Senate Inquiry into TPA amendments.
The Senate Inquiry into amendments to the Trade Practices Act has confirmed Agitate’s concern about the growing reach and power of the ACCC.
Regular readers know that Agitate! would prefer to see a thorough review of the ACCC and its operations before expanding its operations.
The current Senate Inquiry into amendments to the Trade Practices Act to allow criminal prosecutions for alleged cartel activity, reveals serious flaws into the approach undertaken by the ACCC and the government.
At Agitate! we have no difficulty with the concept of dual streams of enforcement – civil and criminal.
But the approach adopted into the proposed criminal stream as advocated by the ACCC has raised serious concerns by many who have made submissions and appeared before the Committee.
The Inquiry heard that because of the approach being adopted Joint Ventures may now be caught up in a web of alleged criminal cartel behaviour.
Mr Bob Baxt, the competition partner at Freehills made a private submission outlining concerns with the proposed changes.
After raising concerns about the impact on JVs Mr Baxt wrote:
“The major changes to the legislation that are contained in the Bill have been driven to a large extent, by what I perceive to be a misunderstanding by the regulator, the Australian Competition and Consumer Commission and Treasury….”
In evidence to the Inquiry Mr Peter Stuart of Speed and Stracey was also critical of the amendments. He said in his opening statements (page 14 of the Hansard here); that:
“It is my view and the firm’s view that the bill should be amended to ensure that the proposed provisions do not catch a number of innocuous transactions which occur in everyday commerce. At the present
it seems to be left to a number of defences which, for reasons pointed out in the submission, are inadequate. It should not be left for a person to have to rely on such defences to exculpate themselves from conduct which is everyday, commercial and innocuous. Ideally, the bills should be amended such that you have distinct criminal offences and leave the civil offences much as they are. The civil offences are largely operating effectively and the criminal offences need an additional level of scrutiny and additional requirements to prove an offence, much in the line of what the Dawson review has suggested. In our view it is inappropriate to leave such a wide discretion—what the ACCC talks about as ‘flexibility’, which is really just power and an incredibly wide discretion to choose whether doctors get prosecuted or whether they do not. They have a massive lever over these individuals, which is just inappropriate. The legislature should be defining the provisions more specifically such that it is clear what is criminal and what is civil.”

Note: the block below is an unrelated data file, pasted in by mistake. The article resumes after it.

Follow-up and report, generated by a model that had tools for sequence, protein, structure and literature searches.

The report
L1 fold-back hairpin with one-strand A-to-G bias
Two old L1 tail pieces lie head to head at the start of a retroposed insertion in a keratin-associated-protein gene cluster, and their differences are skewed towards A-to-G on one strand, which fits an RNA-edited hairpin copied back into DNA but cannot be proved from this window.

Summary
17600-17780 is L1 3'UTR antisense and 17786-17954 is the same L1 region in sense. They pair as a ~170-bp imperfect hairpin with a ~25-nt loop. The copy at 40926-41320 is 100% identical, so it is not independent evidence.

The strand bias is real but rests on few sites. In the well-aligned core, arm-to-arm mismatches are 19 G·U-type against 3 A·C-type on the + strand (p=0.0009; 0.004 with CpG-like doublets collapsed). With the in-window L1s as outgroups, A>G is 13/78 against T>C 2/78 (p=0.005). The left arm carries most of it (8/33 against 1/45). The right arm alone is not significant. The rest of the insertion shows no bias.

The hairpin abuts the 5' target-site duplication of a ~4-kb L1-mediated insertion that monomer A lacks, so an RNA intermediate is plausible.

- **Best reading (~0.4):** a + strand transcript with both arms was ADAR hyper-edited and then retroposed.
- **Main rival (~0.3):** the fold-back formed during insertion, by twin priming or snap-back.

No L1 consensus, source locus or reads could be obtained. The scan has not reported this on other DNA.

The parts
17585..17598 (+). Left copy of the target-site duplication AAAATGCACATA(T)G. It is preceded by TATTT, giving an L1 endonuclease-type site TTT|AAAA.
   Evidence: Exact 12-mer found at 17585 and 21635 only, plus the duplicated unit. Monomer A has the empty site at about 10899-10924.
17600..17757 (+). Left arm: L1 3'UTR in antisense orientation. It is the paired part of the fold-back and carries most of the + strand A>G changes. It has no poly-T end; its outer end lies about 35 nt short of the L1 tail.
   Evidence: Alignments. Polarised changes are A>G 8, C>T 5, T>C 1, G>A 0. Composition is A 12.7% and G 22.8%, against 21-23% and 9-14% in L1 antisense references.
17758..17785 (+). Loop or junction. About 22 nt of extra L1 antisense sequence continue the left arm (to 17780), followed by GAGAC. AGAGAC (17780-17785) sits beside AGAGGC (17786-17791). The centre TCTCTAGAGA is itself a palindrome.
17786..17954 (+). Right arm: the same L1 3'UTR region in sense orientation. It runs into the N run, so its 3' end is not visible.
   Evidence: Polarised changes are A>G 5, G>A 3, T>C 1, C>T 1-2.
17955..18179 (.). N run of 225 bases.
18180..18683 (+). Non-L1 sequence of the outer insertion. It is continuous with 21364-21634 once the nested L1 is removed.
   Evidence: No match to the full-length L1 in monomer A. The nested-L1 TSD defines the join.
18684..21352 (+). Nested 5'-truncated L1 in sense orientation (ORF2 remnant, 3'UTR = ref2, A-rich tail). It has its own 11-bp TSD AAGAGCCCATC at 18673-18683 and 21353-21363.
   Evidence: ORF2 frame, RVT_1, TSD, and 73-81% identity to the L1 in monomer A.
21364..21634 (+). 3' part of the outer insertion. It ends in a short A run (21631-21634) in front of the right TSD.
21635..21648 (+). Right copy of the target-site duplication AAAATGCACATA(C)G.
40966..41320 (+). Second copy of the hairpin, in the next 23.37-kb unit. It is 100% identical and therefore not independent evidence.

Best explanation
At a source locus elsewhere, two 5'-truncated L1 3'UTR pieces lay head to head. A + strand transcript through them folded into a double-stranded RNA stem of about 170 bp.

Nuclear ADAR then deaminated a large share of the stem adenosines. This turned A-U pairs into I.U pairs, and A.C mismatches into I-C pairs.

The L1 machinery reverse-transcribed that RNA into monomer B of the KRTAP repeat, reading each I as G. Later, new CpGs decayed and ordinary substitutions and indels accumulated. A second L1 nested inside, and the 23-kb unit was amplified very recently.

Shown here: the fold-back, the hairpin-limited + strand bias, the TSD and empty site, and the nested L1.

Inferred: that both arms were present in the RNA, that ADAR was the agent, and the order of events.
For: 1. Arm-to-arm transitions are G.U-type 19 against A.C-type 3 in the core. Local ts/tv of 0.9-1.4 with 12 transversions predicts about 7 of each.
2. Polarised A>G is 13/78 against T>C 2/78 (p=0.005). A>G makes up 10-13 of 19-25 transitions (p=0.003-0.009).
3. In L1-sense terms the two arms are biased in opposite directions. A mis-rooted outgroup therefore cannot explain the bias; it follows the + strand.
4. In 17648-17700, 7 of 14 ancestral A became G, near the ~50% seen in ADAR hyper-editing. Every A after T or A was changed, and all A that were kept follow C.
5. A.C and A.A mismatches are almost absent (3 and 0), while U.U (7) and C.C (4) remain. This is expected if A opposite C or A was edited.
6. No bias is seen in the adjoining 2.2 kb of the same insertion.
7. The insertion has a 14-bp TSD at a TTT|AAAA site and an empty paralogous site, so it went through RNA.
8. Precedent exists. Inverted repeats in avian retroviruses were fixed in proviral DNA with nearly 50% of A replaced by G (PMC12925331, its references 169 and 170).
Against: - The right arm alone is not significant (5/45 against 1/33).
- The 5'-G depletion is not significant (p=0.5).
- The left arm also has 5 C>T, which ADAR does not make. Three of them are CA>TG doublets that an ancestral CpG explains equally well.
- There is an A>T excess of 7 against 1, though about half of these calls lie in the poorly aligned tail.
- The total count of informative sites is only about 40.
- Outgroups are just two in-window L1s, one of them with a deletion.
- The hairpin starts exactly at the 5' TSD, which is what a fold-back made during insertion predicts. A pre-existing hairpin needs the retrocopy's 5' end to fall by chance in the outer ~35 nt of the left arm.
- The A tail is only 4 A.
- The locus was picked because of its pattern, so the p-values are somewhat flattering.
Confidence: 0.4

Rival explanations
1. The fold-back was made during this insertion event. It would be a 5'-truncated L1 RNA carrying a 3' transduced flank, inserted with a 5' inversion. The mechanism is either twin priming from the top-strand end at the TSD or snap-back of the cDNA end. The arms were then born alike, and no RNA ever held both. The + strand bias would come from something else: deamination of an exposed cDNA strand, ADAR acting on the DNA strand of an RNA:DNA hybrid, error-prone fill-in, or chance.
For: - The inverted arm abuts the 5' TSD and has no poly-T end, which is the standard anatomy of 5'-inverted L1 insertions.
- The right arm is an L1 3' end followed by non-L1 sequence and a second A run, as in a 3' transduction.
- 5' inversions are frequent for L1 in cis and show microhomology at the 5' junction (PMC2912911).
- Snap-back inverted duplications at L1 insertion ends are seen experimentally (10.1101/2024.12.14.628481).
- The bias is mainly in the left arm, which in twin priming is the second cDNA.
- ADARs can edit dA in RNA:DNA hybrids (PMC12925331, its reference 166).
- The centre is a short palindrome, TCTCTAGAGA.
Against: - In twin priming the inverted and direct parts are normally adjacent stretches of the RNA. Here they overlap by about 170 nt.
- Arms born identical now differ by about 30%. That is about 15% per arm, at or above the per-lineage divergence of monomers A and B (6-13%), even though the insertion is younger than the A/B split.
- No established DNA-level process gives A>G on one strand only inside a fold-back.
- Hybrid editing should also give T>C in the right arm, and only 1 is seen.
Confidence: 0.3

The Speed and Stracey submission succinctly sums up their concerns and supplements the evidence presented to the Inquiry.
Associate Professor Frank Zumbo of the School of Business Law and taxation at the University of New South Wales has also been critical of the proposed amendments. In his submission he says the Bill is “flawed in a number of key respects.” His evidence to the Inquiry commences at page 28 of the linked Hansard. In his evidence he says:
“My concern here is that there is too much discretion in the hands of the ACCC. I think in our system we would like our criminal offences to be as precisely defined as possible. I think where the draftsperson has got confused—if I can use that word with all due respect—is that they are trying to achieve too many things in one go. They are trying to deal with cartel behaviour that is civil and cartel behaviour that is criminal and in between they are defining cartel provisions very broadly.”
Still of concern is the abolition of the “dishonesty” provision of the Act where a prosecution would have to show that alleged cartel operatives entered intended to act dishonestly.
The ACCC also wants to narrow the kind of conduct that is caught by the term “understanding” in the TPA to make it easier to successfully prosecute a case of alleged cartel activity. At Agitate! we have already written about this.
That move come after the ACCC failed to win a case of alleged cartel activity by independent petrol retailers. In May 2007 Justice Gray dismissed the case brought by the ACCC.
It would seem that the ACCC is hell bent on aggregating more power to prosecute while lessening the burden of proof required to win a case of alleged criminal cartel behaviour.
It wants more coercive powers such as phone tapping to prove collusion while lowering the legal bench mark to win a conviction.
And, further, in its rash behaviour may well jeopardise legitimate corporate activities. It seeks to justify its actions in relation to Joint Ventures in a submission to the Inquiry here.
Agitate! will be writing and posting an extensive feature on these issues shortly. Keep posted.